The solution also has to run on government equipment, so even though as a cloud solution the department is somewhat at the mercy of the network’s internet speeds for video ingestion, it avoids the need to invest in a high-powered PC with a specialized video card.

Sgt. Druckenmiller gets around the lengthy upload time which is the drawback of Veritone Redact being a cloud-based system by typically starting process when he is leaving work for the day. That way it is completed the next morning, uploaded and processed and ready for any adjustments he needs to make.

Manual adjustments are inevitable, according to Sgt. Druckenmiller, because of the nature of the task. While he considers himself a proponent of automation, it can only go so far.

The reason for this, he explains, is that it is not always possible to tell what should be redacted without fully understanding the context. One item on the list of what should be redacted is images of a deceased person, or the death of a person, unless that “death is caused by peace officer.”

“How are you going to automate that?” he asks. The engine picks up the person’s face, but not whether the person is alive or dead, let alone the circumstances of their death.

Automating more identifications with forensic facial recognition could help the Oregon P.D. further protect people’s privacy, Sgt. Druckenmiller says, as the force in some situations resorts to posting images of suspects or other people of interest online and asking the community to help identify them. In some of these cases, he notes, the people have not done anything wrong. Even if the individual has committed a crime, if police were able to find out with a facial recognition match, rather than by appealing to the public, negative impact on that person’s privacy can be reduced.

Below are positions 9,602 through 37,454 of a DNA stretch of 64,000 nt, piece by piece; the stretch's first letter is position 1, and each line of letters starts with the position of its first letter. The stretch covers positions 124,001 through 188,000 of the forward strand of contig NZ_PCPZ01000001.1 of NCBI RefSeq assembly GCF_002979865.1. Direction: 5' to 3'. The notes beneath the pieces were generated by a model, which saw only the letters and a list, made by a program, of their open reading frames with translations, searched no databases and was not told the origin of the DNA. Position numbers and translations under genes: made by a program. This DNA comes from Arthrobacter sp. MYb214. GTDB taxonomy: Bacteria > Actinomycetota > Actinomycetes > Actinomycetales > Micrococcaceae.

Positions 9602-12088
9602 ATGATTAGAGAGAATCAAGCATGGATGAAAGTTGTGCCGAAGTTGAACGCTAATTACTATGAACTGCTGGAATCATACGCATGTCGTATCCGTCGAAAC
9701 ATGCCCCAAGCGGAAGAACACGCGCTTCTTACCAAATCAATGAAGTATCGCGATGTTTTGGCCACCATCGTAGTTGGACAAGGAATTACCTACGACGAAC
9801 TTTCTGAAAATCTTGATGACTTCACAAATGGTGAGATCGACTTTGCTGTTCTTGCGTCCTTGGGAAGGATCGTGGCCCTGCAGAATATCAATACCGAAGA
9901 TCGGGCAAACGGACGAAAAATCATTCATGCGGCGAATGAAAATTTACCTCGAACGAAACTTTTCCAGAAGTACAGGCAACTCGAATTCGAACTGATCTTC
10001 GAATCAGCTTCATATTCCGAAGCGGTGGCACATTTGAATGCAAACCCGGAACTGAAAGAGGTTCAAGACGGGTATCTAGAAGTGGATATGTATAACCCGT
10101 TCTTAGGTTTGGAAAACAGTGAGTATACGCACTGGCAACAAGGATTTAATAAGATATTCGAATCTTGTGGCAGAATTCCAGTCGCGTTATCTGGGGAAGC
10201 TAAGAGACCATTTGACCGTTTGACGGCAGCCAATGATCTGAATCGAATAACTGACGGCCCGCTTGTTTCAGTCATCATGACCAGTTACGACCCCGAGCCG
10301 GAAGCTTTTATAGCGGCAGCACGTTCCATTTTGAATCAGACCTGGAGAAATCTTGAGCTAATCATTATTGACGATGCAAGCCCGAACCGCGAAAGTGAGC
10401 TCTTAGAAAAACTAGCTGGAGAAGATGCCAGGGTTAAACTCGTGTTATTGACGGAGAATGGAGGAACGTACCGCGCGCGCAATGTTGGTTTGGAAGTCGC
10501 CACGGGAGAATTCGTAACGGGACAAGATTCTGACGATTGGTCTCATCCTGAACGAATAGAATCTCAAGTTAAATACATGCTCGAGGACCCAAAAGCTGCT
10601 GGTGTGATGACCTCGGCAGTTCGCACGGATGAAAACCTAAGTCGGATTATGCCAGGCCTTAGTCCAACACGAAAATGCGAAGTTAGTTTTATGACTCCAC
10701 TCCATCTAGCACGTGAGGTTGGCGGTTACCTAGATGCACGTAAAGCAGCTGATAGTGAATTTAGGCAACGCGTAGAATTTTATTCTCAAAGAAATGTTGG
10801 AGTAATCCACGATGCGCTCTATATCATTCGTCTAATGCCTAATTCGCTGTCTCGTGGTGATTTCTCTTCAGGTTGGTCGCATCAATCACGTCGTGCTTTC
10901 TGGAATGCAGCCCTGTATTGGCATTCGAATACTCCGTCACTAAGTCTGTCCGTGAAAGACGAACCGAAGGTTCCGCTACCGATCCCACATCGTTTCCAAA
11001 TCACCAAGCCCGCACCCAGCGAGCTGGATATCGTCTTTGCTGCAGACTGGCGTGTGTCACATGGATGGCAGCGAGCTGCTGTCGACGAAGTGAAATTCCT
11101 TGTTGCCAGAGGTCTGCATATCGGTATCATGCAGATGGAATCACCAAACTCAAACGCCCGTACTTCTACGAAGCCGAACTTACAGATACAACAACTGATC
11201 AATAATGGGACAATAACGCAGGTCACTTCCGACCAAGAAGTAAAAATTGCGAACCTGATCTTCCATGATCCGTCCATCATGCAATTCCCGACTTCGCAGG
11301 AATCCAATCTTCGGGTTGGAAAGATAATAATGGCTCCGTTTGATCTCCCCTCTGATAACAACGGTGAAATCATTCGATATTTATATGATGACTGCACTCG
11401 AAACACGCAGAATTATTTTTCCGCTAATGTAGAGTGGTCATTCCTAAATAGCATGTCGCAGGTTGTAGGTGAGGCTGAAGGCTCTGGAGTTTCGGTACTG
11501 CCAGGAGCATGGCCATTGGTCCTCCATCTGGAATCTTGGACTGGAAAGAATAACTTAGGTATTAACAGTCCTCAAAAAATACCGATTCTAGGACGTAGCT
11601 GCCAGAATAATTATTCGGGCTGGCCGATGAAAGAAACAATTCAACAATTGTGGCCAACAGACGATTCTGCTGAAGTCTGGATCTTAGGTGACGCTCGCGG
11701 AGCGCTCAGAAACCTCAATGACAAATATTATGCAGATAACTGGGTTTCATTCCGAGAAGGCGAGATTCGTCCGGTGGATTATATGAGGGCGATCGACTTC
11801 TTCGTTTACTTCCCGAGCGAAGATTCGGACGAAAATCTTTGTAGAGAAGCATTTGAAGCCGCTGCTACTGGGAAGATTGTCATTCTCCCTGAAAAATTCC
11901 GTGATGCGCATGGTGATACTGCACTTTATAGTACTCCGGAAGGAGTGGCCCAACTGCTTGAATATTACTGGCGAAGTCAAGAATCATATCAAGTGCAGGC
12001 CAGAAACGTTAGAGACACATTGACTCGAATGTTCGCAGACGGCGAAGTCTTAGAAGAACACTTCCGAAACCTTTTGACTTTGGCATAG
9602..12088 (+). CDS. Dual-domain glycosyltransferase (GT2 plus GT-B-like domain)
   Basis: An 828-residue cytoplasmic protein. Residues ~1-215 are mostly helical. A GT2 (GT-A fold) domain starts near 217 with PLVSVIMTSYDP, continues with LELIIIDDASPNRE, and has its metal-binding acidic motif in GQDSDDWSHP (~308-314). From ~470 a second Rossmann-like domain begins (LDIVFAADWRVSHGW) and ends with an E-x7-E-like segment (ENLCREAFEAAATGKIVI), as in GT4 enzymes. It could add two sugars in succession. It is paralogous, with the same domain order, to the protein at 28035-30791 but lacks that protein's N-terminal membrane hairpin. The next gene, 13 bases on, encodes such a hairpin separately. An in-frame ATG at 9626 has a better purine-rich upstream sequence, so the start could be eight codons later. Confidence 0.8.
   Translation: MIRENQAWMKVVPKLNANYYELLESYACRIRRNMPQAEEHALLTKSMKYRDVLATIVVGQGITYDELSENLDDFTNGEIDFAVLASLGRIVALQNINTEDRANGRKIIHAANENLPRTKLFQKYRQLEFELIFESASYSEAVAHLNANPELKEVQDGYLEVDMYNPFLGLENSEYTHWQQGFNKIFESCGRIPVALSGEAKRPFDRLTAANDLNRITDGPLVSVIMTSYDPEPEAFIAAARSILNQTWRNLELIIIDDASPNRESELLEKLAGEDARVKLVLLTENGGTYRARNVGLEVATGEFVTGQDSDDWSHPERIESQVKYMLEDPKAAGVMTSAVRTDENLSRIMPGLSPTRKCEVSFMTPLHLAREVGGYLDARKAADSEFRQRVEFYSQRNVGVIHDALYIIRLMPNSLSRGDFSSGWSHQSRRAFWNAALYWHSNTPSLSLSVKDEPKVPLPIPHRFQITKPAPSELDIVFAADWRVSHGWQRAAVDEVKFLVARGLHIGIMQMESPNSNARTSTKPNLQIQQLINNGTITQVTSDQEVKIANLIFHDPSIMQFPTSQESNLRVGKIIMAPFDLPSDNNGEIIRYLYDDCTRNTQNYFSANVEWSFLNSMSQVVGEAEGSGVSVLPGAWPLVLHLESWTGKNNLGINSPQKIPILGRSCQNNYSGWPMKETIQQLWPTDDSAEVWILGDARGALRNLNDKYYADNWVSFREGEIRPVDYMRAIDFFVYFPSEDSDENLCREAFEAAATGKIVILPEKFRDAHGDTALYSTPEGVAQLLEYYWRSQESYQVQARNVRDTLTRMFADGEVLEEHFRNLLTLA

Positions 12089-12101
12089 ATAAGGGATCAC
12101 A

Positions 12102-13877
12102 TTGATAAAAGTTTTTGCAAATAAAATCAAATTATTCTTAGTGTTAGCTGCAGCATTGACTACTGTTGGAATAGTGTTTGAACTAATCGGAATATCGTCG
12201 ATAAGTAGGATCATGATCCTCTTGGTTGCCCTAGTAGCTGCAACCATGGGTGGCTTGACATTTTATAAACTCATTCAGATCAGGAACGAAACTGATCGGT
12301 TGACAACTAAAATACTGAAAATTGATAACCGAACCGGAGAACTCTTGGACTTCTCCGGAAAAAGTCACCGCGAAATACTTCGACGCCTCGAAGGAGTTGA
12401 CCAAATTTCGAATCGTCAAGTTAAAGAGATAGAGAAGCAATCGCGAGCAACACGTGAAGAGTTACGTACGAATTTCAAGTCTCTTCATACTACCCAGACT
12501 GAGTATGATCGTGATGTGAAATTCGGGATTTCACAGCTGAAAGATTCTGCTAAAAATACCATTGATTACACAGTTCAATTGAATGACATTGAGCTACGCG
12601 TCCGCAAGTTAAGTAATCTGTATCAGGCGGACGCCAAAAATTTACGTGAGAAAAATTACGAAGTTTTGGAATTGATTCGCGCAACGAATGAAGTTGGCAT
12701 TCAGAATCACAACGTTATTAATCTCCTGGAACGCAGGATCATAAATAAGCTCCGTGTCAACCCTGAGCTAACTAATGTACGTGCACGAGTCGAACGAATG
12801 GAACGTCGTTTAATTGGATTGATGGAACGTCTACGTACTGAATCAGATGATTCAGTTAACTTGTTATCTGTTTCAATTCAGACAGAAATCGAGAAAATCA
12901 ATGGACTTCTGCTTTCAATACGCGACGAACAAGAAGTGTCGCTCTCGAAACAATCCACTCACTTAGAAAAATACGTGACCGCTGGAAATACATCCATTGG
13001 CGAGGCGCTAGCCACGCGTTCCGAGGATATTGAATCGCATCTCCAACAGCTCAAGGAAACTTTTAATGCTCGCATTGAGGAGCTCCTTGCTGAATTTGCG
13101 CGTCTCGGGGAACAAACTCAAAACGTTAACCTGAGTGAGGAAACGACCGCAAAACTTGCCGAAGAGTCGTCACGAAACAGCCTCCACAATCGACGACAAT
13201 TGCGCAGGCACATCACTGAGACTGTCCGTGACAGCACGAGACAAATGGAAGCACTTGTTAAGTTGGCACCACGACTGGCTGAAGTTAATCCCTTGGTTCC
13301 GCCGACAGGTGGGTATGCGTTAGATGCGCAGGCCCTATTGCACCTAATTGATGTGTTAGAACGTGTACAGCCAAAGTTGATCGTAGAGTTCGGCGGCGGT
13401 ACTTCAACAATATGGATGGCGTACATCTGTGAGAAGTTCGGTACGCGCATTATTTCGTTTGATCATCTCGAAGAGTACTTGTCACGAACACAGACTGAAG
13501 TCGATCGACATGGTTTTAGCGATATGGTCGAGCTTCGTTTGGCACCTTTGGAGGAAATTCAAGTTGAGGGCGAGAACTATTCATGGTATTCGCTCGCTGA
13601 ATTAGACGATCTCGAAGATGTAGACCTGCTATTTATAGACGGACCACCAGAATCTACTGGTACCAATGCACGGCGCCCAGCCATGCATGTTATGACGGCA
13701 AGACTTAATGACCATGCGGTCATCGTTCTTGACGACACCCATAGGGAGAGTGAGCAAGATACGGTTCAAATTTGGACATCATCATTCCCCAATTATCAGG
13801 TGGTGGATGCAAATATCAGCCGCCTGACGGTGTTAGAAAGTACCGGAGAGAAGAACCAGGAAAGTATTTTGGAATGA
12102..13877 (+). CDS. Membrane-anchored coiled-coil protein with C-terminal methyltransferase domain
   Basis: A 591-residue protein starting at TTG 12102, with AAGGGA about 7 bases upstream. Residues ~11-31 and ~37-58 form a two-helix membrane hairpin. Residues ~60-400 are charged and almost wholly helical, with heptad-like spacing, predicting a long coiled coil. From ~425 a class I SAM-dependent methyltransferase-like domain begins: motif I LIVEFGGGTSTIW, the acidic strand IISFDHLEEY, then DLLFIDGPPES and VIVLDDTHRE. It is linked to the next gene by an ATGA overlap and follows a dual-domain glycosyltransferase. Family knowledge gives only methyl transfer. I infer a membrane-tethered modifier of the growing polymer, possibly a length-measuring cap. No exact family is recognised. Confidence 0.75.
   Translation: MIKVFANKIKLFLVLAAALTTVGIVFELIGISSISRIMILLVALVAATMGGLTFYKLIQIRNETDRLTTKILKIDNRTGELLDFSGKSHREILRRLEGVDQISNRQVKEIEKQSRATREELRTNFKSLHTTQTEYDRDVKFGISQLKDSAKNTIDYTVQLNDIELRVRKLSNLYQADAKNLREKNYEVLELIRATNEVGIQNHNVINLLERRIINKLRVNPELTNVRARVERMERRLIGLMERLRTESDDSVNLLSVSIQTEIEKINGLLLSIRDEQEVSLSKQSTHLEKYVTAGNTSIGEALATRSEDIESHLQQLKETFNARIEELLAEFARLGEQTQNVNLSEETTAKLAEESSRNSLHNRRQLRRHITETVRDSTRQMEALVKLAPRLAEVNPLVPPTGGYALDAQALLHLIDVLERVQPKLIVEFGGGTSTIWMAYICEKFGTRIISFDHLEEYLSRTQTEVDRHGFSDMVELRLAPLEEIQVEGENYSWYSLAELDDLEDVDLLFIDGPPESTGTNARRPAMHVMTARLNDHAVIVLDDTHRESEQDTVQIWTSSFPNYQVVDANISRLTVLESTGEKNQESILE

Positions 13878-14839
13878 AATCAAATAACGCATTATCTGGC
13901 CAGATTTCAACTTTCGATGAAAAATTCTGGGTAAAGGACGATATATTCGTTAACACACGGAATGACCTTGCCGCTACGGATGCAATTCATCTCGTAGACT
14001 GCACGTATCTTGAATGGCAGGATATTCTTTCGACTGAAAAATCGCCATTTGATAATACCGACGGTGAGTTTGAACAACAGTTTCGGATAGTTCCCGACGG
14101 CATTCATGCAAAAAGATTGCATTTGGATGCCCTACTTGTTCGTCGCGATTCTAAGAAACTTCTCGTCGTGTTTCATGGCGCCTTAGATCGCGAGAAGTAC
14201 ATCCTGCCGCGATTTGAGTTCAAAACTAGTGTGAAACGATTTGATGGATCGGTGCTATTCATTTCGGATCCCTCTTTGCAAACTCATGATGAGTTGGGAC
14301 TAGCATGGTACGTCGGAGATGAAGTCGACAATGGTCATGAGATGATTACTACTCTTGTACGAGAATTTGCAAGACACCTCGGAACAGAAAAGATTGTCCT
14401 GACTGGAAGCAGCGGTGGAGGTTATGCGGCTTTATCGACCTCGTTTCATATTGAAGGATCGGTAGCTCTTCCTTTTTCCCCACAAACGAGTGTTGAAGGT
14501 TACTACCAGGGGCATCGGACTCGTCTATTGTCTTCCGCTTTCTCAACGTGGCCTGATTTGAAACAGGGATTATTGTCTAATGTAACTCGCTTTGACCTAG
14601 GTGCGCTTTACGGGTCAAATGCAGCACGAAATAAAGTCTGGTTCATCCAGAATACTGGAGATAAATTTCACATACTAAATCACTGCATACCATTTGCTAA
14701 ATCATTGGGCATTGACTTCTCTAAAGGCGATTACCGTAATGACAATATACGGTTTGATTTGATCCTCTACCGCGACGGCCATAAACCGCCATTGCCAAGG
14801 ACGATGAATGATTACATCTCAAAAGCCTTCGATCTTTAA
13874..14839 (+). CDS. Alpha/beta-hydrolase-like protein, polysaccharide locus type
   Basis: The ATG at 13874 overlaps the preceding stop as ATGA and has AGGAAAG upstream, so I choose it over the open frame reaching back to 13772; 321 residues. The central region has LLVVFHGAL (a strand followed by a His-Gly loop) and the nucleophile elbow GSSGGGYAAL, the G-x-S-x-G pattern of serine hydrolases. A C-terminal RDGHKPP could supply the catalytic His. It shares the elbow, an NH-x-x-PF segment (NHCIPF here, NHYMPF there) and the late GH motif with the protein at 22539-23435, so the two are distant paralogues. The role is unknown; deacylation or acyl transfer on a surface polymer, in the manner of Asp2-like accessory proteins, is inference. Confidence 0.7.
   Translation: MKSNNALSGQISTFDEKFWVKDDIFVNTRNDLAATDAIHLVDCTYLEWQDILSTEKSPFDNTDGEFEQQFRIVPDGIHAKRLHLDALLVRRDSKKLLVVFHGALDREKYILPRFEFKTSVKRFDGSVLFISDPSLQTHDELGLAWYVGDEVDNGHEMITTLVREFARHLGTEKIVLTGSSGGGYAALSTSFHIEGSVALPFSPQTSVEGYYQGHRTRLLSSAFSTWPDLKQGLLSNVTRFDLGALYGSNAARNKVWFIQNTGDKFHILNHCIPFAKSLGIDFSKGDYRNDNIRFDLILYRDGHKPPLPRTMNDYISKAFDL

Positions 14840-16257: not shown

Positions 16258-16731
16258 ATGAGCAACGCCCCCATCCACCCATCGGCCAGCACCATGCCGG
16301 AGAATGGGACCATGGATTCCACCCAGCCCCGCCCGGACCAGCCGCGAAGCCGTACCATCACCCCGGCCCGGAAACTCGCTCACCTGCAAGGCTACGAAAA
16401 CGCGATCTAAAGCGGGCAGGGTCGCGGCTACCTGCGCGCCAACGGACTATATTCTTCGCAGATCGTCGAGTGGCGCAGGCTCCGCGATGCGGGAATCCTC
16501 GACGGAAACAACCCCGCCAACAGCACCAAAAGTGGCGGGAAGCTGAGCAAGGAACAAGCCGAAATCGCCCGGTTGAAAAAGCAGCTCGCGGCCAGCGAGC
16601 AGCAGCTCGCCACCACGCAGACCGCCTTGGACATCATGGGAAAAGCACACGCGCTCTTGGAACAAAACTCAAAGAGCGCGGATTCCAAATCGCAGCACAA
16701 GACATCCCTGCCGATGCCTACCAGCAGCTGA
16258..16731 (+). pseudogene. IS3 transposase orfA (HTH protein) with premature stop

Ultimately, Sgt. Druckenmiller argues, transparency is the key.

“The more people understand why we’re doing what we’re doing as law enforcement, a lot of times the better the interaction is,” he says.

Oregon, Ohio’s Chief of Police wanted transparency, and the law and courts place certain things out of bounds. The video redaction software is what allows both needs to be met.

“Transparency in law enforcement goes a long way towards building that trust with the community, and by us having a redaction capability, and one that doesn’t take up a lot of time – I don’t have to have an entire staff of people that does this – I can make sure that these requests get fulfilled and a lot of times get fulfilled that day or the next day, and we can get that information out right away,” says Sgt. Druckenmiller.

The speed and efficiency provided by the automation, after all, is necessary to providing that transparency in time for it be meaningful.

“It doesn’t do me any good to be transparent six months later,” Sgt. Druckenmiller points out.